when dove’s real beauty campaign first came out, everyone was beside themselves kissing dove’s ass and talking about how great it was for female body image.
ever the pessimist, i’ve always thought the dove campaign was completely full of shit. it’s a marketing ploy to get people to visit the dove website, and the “real beauty” they feature in ads and on their website is same ol,’ same ol. “i have freckles, and i still think i’m beautiful.” meanwhile, i’m thinking: you’re a ten year old red-headed white kid. hello, lindsey lohan circa the parent trap? of course people think you’re cute and beautiful.
“i’m beautiful and i have braces!” you and every other kid on the block.
“oh look! they showed naked old women on huge billboards in times square!!” …who gives a shit? those old women are gorgeous and considerably wrinkle-free by mainstream standards.
“gasp they showed fat people in an ad!” uh huh…fat people who are suspiciously cellulite free.
the people featured in their ads are all traditionally beautiful in one way or another. there’s rolls of fat, but no cellulite. there’s “fat” people, but no obese people. there’s old people who have aged astonishingly well. what’s more, they’re mostly black, white, or asian. and if there are minorities, they’re usually “ethnic:”
so the real message of the campaign: it’s okay to have imperfections, so long as they’re not too imperfect (or too ordinary) for a mainstream national campaign.
also (and perhaps most offensively), dove is a part of uni-lever.
so is axe.
so while people are distracted, ooh-ing and ah-ing over the merits of dove (read: unilever) showing “real beauty” through it’s “positive” marketing, axe (read: unilever) is getting away with featuring women whoring themselves at men who spray themselves with axe.
young girls get the commercials telling them that they’re beautiful for being “different” (so long as they’re the right kind of different), while young men get to fantasize about being a stud if they buy the right deoderant or whatever the fuck else axe sells.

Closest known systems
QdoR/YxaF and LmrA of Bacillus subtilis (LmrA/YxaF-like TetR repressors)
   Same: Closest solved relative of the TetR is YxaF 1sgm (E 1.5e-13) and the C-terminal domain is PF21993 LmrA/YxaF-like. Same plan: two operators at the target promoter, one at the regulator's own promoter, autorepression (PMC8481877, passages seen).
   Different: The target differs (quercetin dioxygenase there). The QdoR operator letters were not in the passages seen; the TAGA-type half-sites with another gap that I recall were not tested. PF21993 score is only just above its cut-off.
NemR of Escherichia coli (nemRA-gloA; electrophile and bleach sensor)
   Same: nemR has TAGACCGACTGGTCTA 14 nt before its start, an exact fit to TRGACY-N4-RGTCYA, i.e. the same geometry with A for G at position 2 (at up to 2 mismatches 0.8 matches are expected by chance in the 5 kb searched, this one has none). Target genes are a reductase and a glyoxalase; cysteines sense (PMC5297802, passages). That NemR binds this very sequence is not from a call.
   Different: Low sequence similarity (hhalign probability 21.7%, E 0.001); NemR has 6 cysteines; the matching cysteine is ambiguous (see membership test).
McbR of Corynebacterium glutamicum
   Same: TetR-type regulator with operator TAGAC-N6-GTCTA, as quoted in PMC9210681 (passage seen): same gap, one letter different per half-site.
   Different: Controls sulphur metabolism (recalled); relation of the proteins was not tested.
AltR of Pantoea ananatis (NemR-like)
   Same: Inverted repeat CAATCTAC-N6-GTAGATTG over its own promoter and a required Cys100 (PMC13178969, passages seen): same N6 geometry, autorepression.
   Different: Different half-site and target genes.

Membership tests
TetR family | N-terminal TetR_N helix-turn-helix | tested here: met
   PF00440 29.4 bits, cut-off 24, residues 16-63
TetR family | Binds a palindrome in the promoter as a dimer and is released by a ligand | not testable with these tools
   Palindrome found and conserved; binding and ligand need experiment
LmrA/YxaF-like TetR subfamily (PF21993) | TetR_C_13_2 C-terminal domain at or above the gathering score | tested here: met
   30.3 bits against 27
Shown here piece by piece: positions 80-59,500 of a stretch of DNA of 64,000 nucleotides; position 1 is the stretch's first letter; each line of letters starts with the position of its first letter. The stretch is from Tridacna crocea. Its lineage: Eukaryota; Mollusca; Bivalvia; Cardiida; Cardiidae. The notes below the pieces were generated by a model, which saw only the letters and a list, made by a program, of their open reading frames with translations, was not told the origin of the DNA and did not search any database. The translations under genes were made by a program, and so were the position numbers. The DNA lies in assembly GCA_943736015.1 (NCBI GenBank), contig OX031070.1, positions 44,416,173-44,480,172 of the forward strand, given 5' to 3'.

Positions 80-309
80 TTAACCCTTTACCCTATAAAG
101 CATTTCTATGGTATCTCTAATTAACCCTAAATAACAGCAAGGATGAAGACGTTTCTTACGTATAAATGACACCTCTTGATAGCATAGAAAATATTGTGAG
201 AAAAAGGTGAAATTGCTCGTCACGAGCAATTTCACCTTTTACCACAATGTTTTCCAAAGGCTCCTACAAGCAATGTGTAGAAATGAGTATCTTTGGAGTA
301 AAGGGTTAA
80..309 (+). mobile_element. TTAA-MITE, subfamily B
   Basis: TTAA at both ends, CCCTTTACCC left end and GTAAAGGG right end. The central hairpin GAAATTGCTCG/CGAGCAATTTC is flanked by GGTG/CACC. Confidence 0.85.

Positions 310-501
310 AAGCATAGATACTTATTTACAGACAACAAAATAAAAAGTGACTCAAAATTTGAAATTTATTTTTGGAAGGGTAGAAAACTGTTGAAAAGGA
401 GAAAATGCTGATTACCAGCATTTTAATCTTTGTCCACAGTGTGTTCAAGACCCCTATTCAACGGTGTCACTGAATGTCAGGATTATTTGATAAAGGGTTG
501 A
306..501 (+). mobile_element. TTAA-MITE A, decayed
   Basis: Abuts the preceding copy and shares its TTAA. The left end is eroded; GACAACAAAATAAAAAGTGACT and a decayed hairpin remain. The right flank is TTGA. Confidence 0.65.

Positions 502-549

anyway, annie leibovitz and dove are now under scrutiny for allegedly retouching some of the photos that were taken for the campaign.
Unilever and Mr. Rankin, the original photographer on the campaign, had made a point of saying the ads hadn’t been touched up in some media reports. And the retouching issue was important at least to the Pro-Age models — women in their 50s, 60s and 70s who posed nude for the ads and had been told their images would not be retouched, said one of them, Wendy Katzman, of San Francisco, in an e-mail.
“We asked and were explicitly told that none of our [Dove Pro-Age] photos were retouched,” she said on Thursday. “I just heard about The New Yorker article last night and was pretty upset about it!” She didn’t recall who had told her the photos wouldn’t be retouched, but said it wasn’t Ms. Leibovitz.
whether they were doctored or not (and i maintain that they were, because those models are too perfectly imperfect), i’m just glad people are now questioning that obnoxious campaign. anyone else with me on this?